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Canadian energy deal creates Midwestern refining giant amid uncertain demand

Laura Sanicola
·3 min read

By Laura Sanicola

Oct 26 (Reuters) - The merger of Canadian oil companies Cenovus Energy and Husky Energy will create a formidable refining presence in the Midwestern United States, but it comes at a time when weak demand has left that market oversupplied, squeezing margins.

Pandemic travel restrictions have hurt fuel demand and spurred companies to cut costs or merge. Since the pandemic started, at least 4 different crude oil refineries have been idled or closed in North America. With infections surging again, consumption of gasoline and diesel could remain weak, hurting refinery profits.

Cenovus's C$3.8 billion ($2.9 billion) purchase of Husky, announced on Sunday, is aimed at lowering operating costs and making it more resilient to low prices.

In the Midwest, it will give Cenovus an additional 350,000 barrels per day (bpd) in total refining capacity. The region's refineries can process more than 4 million bpd, the second-most of five U.S. regions behind only the U.S. Gulf Coast, but analysts questioned the rationale for the deal.

"There's a lot of refining in the Midwest ... but I don't think there are wonderful growth prospects for any of the Great Lakes states," said Tom Kloza, founder of the Oil Price Information Service.

U.S. fuel demand is expected to fall to 18.2 million bpd in 2020 and rebound to just under 20 million bpd in 2021, but that's still short of 2019 levels.

Cenovus shares closed down more than 8% on Monday.

Gasoline refining cracks, or margins, have been weak since the beginning of the pandemic. They are currently $7.53 per barrel, compared with the five-year average of $13.17 a barrel at this time of year, according to Refinitiv Eikon data.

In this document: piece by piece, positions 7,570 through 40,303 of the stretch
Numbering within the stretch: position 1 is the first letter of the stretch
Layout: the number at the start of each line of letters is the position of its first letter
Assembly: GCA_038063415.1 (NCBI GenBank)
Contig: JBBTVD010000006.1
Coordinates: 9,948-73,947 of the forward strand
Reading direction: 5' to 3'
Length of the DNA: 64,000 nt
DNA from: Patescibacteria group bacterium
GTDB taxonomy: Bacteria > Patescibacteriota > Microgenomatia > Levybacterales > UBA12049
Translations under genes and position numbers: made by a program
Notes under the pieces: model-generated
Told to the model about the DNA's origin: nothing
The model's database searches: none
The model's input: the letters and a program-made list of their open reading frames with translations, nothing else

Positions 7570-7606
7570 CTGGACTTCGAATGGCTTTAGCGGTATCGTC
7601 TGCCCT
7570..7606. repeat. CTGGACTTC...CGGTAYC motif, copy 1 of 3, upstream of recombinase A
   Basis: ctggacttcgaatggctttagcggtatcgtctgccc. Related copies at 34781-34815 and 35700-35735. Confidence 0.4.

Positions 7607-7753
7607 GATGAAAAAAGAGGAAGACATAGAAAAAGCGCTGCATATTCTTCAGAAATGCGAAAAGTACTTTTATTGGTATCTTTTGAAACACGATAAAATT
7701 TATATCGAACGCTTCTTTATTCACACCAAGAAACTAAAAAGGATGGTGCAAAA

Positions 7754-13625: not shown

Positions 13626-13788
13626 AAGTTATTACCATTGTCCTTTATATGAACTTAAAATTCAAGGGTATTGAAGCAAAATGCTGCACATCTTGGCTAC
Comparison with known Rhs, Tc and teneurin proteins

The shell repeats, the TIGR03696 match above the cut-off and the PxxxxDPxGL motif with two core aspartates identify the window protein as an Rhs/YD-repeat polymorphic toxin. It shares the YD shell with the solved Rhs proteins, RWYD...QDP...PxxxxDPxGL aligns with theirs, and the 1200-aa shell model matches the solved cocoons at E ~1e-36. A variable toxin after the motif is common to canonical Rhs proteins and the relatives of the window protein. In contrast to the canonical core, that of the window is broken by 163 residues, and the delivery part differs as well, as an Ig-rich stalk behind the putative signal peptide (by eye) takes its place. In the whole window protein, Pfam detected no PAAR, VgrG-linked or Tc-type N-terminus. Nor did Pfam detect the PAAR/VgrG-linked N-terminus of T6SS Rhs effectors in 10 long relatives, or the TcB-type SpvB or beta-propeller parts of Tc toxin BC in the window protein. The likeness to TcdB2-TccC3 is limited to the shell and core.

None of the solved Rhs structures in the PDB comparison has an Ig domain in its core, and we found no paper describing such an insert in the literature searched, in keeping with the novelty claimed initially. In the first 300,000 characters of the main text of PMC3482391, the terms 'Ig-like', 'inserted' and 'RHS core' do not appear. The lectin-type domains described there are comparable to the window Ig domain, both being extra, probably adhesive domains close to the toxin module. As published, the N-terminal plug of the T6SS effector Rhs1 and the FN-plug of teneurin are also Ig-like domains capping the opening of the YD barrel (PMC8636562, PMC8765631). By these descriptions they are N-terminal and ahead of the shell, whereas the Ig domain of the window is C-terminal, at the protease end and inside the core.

"Although the refining cracks are depressed today, we don't believe that the long-term cracks are indicative of where they are today," said Cenovus chief financial officer Jon McKenzie on Sunday.

Husky's refineries, including large facilities in Lima, Ohio, and Toledo, Ohio, are equipped to process the heavy Canadian crude produced by Cenovus.

"What's really compelling about this for us is those units consume the molecules that this combined company produces," said McKenzie.

The company's combined 660,000 bpd of North American refining capacity is expected to more than match Cenovus’ Alberta heavy oil production, but the supply of heavy crude still outweighs demand in the region. "Husky has struggled to make these (refineries) profitable and we believe in the near-term these fundamentals will remain challenged," Credit Suisse said in a note.

Cenovus is also partnered with Phillips 66 at the 500,000 bpd Wood River refinery in Roxana, Illinois and the 146,000 barrel per day refinery in Borger, Texas.

The combination may make it difficult for other refinery owners trying to unload facilities, because Husky and Cenovus were viewed as potential acquirers.

"Husky and Cenovus were always the companies that you would hear would be the buyers of refineries for sale, because they need a home for their heavy crude, so this is not great for refiners that are trying to shop assets," Kloza said.

(Reporting by Laura Sanicola; additional reporting by Rod Nickel; editing by Richard Pullin)